It's been 16 years since Lois Hess' only son was murdered, and she thought the grieving would be over by now. She was wrong.
Recently, Mrs. Hess learned that the man convicted of the
murder was scheduled to have a parole hearing March 25. The news threw her into an emotional tailspin, bringing back the hurt and anger as if the slaying had just happened.
"I was hysterical," she said.
The news also prompted her to take action.
Yesterday, Mrs. Hess and her husband, Dick, went to the Maryland Parole Commission's office and presented about 4,000 signatures on a petition calling for the denial of parole to her son's murderer.
Her ability to gather such support on short notice was not surprising. The Pikesville mother has spent the years since her son's violent death on Feb. 3, 1975, working on victims' rights issues and tough gun-control laws.
Her son, Stuart M. Hess, 24, had recently graduated from American University with a master's degree in land planning and urban development when he went to work with his father, a developer who was building a new town house complex in Rosedale.
One morning, Stuart arrived at the construction site early and ap
parently surprised Claude Waddy, an escaped convict who had been hiding out there.
"He blew his brains out and robbed him," Mrs. Hess said. "End of story."
Stuart died of a gunshot wound to the head, and Waddy was later convicted of murder and using a handgun to commit a felony. He was sentenced to 35 years in prison.
Waddy already had numerous robbery convictions and had escaped from prison twice. He was sentenced to another 32 years in those cases, bringing the length of his prison sentence to 67 years.
"The 67 years pleased me," Mrs. Hess said.
However, she was determined to monitor Waddy's status. In November 1990, she learned that Waddy's sentence had been reduced to 43 years because of a 1989 ruling by the Maryland Court of Appeals.
That ruling arose from an unrelated case in which the court decided that prison officials were computing sentences incorrectly. After the ruling, hundreds of sentences were reviewed, although not all were reduced.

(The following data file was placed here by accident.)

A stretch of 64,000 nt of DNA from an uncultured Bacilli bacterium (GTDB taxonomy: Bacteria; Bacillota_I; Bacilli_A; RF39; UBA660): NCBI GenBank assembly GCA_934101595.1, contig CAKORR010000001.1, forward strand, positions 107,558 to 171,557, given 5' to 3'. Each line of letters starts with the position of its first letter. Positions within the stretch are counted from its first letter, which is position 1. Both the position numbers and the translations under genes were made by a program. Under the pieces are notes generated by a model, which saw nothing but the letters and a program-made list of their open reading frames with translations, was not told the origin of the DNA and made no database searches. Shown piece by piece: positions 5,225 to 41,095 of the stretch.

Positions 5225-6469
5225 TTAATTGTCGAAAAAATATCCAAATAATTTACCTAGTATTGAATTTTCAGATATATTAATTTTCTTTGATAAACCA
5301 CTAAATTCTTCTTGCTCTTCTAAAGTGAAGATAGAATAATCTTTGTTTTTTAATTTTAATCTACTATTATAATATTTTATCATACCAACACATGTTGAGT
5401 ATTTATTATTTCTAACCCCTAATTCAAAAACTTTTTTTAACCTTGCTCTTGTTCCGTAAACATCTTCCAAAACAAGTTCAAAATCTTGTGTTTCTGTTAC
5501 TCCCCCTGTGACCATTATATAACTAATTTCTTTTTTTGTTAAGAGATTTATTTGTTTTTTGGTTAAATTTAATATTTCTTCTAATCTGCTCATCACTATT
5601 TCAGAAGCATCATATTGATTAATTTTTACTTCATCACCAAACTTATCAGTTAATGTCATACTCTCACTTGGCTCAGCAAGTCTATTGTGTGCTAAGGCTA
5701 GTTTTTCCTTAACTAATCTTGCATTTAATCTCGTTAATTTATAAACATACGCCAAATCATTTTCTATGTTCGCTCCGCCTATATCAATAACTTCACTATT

Because Waddy's term was reduced, prison officials determined that he had earned enough points for a parole hearing.
The discovery focused attention on another of Mrs. Hess' major concerns -- that victims and their families are not allowed to appear at parole hearings in Maryland.
The groups lobbied for a bill on open parole hearings at this year's General Assembly session in Annapolis, but the bill received an unfavorable report from a Senate committee and is not likely to pass.
Victims and their families can submit impact statements and other documents, such as the petitions, to the parole board. But Mrs. Hess doesn't think that is good enough; she says open hearings are already being held in some states.
"People were absolutely shocked that our family couldn't be there," she said.
Paul J. Davis, commissioner of the parole board, understands this sentiment, but he testified in Annapolis against open parole hearings.
"I honestly believe it would make for more harm than good," he said.
If victims testify, he said, the prisoner also would have the right to be heard, and the informal hearing could become a "quasi-judicial" proceeding that would be much more expensive. fiscal 1990, there were 11,600 parole hearings.
"We would need to double our resources" if victims testified, Mr. Davis said.
Mrs. Hess believes the costs could be contained by putting a limit on the number of people allowed to testify. Besides, she said, her concern is shared by scores of families.
"It's not just my personal story," she said. "It's a huge problem."